What could be more commonplace than grass or a world covered over all its surface with a wind-whipped ocean of grass? But the planet Grass conceals horrifying secrets within its endless pastures. And as an incurable plague attacks all inhabited planets but this one, the prairie-like Grass begins to reveal these secrets - and nothing will ever be the same again.
©1989 Sheri S. Tepper. (P)2016 Audible, Inc.
The story is dramatic and literary, thrilling and unique. The narrator, Dina Pearlman, added volumes of emotional meaning to Sheri S. Tepper's words.
This book is science fiction at its best - full of ideas, adventure and speculative entertainment. It was difficult to stop listening when I needed to quit. I definitely will read more by this author.
NO - it's a wonderful story but the reader is a terrible choice.
There are layers of themes, masterfully interwoven by the author.
The narration was totally flat.
I have been waiting years for one of Sheri Tepper's books to be on audio. So sad this was the first attempt, but hope for better going forward. All of the author's works are challenging, thought provoking and inspirational - very much worthy of better than this performance.
Grass, Raising the Stones, and Sideshow comprise the Arbai trilogy. Grass is an excellent example of Ms. Tepper's incredible ability to create worlds and "take you away." Can't wait for The Companions, Family Tree, The Margarets, and so many more! She is one of my absolute favorite authors.
I enjoyed the story and the narration immensely. The plot was unique and different. The story was well developed with interesting characters, action and descriptions of places and situations. The ending was satisfying. The narrator was a great fit for the story and characters. I have been listening to audible books for years now and this narrator is in the top group of ones I have enjoyed the most.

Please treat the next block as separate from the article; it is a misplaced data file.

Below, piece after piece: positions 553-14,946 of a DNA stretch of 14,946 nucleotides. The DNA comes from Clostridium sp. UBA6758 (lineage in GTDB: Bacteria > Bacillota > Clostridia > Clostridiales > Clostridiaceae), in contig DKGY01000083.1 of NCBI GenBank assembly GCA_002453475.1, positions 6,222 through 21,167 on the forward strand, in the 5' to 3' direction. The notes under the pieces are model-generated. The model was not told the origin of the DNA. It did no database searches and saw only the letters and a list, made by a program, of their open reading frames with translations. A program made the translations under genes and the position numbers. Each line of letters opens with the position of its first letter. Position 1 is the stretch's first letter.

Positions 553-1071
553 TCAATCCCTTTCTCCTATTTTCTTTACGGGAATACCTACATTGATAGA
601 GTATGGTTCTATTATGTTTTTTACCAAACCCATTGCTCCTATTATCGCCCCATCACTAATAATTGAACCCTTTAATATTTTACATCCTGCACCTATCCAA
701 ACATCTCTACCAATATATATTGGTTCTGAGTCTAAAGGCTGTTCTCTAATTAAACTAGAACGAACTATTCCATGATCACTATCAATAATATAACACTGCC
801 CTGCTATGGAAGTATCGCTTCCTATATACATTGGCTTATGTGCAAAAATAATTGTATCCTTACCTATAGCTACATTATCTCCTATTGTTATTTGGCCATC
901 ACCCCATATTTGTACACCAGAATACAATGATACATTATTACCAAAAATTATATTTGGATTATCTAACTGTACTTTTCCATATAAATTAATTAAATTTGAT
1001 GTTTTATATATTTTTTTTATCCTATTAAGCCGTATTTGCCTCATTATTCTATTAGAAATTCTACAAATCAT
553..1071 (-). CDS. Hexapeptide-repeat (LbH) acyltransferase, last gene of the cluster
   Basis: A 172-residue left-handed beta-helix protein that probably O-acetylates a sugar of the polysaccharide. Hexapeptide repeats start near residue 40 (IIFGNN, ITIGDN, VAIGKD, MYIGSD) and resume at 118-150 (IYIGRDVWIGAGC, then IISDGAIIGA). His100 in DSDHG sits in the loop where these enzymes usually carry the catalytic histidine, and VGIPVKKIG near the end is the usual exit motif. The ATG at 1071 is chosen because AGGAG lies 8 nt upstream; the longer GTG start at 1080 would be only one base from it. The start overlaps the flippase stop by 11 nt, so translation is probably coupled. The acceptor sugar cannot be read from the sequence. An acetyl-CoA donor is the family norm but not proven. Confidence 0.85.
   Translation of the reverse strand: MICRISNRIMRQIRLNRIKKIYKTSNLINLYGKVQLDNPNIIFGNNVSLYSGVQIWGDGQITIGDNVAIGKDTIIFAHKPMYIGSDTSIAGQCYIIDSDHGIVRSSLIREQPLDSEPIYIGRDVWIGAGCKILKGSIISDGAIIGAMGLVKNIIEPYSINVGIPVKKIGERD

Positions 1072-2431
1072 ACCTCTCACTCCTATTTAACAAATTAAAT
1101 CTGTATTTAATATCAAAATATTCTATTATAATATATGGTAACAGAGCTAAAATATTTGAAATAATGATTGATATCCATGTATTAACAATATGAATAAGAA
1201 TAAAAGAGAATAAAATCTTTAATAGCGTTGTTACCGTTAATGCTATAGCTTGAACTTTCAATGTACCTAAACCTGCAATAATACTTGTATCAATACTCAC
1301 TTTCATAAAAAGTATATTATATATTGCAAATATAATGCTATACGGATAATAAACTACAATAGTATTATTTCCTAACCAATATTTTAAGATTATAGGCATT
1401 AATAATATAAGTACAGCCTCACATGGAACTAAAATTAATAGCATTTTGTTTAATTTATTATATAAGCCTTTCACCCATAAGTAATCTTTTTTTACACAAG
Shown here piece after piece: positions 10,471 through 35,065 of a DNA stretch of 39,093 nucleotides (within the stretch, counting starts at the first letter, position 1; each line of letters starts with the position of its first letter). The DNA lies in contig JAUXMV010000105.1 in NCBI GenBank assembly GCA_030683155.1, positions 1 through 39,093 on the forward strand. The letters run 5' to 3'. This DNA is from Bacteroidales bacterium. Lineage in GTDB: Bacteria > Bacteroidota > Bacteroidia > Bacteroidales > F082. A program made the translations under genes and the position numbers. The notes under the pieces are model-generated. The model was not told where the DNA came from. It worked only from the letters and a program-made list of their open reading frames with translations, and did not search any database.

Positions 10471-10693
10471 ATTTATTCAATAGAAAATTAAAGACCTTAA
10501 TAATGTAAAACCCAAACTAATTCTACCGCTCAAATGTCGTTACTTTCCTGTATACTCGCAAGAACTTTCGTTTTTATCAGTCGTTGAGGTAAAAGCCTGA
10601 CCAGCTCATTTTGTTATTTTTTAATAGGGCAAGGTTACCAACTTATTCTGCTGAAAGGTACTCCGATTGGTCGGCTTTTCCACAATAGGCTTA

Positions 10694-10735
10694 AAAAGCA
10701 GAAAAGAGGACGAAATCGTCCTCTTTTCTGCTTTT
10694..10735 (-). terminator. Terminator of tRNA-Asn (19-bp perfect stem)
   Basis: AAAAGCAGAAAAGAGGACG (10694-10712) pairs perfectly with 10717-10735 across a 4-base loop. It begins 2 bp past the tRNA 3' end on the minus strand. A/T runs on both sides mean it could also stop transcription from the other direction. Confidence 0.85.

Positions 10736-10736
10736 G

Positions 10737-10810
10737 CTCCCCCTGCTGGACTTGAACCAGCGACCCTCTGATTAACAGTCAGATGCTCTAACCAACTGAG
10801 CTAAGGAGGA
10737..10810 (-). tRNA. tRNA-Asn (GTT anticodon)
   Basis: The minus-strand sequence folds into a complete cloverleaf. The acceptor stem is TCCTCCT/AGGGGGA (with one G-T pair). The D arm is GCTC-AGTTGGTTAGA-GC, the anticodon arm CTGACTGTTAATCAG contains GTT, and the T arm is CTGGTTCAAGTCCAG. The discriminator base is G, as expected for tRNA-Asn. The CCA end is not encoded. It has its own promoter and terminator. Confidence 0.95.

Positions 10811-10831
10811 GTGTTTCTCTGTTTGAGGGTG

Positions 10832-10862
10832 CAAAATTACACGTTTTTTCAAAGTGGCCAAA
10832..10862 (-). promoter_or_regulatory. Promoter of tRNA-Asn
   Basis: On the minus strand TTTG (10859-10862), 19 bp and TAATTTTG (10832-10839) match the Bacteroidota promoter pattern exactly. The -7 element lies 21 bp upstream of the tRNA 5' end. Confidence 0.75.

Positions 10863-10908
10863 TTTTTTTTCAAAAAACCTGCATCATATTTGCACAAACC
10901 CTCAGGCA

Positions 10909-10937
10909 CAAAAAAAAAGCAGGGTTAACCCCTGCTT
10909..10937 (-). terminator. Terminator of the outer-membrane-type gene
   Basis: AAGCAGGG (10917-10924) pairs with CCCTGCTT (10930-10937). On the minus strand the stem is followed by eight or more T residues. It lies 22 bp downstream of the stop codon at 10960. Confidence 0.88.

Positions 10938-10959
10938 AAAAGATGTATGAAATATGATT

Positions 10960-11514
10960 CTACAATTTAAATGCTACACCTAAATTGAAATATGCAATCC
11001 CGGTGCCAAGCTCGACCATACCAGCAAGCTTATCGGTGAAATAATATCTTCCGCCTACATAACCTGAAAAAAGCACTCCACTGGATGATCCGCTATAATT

Grass is one, like Shardik, that I have always looked forward to, but I have to say I'm a little disappointed. It is often mentioned in conjunction with Dune and I can see why on the one hand as it involves a world and its ecology/environment. On the other hand, I don't think it is as successful at it as Dune was, nor did I find it as well written. The creatures are the central aspect around which the world revolves, and for me they were the most interesting element, but there were also troublesome issues concerning them. I would much rather have had their aspects delved into even more and re-thought a bit. They lacked something essential. I think where things really started to go wrong for me, was when the intelligence of the creatures was dealt with, but more so when I felt things devolved into a Hollywood style monster attack and shoot 'em up. I love the way the novel started, and many aspects within it, and I see the author had higher intentions, but I pick up quickly on what I consider bad writing habits and there seemed to me to be increasingly more as I went along. Just not for me I guess. Also let down when at end I felt cheated, and have since discovered it is part 1 of a trilogy-- a trilogy that I don't feel compelled to follow. Makes me want to revisit Dune for the 4th time.
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